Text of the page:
The Lovely Bones

By Alice Sebold

{Warnings for The Lovely Bones: sexual and physical violence}

The Lovely Bones is about moving on, both after death and for those who are still living and have experienced a death or trauma. Its message is sound and practical, and leads with a semi-omniscient narrator, Susie. The point of the book isn’t actually the murder; it’s the after. The family. The friends. How each person deals with the trauma and how much time it takes to be “okay” again.

I liked that aspect of the book most. Sebold does create relatable and imperfect characters who clash and grieve over long periods of time. As a reader, you get to see the little effects the death of the narrator had on the people around her.

Truthfully though, this book wasn’t my cup of tea, and I kind of had to make myself read it at certain points. It’s the type of slower drama that also tries to be a mystery, but you have all the answers already, so there’s no real stakes.

My biggest beef is with the ending, and it’s something I can’t make completely spoiler-free to talk about, so spoilers beyond the cut.

─── ・ 。゚☆: *.☽ .* :☆゚. ───

I want to speak for a second about unfairness: Sebold does it well. The murderer is never caught; instead, he dies by complete accident. There is no justice here. The Lovely Bones has false accusations, ostracism, unfair beatings, affairs, and abandonment. It is real, it is gritty, and it is everything Susie wants now that she’s lost it.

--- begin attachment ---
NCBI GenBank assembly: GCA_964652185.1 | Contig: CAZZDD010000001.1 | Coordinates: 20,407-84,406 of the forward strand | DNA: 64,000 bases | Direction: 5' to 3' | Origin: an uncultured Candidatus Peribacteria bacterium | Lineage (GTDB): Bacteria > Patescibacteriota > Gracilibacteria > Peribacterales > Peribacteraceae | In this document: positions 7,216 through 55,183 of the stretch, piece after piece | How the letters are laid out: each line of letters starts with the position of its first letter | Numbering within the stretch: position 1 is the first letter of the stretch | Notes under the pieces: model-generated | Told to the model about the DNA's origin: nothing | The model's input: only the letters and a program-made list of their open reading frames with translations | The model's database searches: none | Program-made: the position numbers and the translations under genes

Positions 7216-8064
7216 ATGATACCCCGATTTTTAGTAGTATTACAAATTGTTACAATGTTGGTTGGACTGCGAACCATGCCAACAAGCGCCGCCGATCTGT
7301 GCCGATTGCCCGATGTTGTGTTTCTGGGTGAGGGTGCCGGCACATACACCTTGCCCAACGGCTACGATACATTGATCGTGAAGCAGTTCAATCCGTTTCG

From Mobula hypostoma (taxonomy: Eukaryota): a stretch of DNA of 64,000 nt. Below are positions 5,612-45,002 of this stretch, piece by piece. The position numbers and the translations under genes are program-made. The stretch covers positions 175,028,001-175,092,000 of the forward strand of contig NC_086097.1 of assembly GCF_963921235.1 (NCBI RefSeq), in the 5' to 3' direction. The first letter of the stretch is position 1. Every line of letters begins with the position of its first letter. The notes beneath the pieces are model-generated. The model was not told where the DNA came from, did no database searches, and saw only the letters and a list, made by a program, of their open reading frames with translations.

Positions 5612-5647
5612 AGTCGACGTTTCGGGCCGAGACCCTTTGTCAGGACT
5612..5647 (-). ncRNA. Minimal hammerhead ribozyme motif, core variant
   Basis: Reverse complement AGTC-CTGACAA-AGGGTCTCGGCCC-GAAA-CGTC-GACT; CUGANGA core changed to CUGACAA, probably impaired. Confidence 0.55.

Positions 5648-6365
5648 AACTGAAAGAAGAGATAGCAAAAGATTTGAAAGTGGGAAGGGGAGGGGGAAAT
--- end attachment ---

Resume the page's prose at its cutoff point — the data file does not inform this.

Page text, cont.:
But I’m not annoyed with any of that in the least. The realism of the living’s everyday is one of the only things that kept my attention while reading.

What is rather annoying is how Susie is finally able to let go and move on to actual heaven. Of course, the entire book centers around some magical realism, but Susie is never able to change what’s happening on Earth. She can’t affect anything. She has no control. Part of her life after death is being doomed to watch but never interact; some of these instances in the book actually help Susie understand and accept her circumstances.

The end suddenly gives her that control. In fact, Susie outright possesses another character and proceeds to use that girl’s body to have sex with her school girl crush before being pulled back to her heaven. For a character that was raped and brutally murdered, you’d think Susie would have some strong thoughts about consent. Not to mention the psychological trauma she would have from her experience. The whole set of pages in that section felt out-of-character and notably cheapens the entire novel.

On top of that, Susie doesn’t think to use her last few hours to check on her family? Say goodbye? Tell them she’ll be okay? Sure, Susie is forever fourteen years old, but the book indicates some level of maturation after death. To see that ripped from her the second she moves back into a physical body makes no sense in that Susie herself is the same person she’s been and grown into after she died.

In short, this book isn’t one I plan to pick up again anytime soon. Possibly ever.

~ Anna
(Entry 11)

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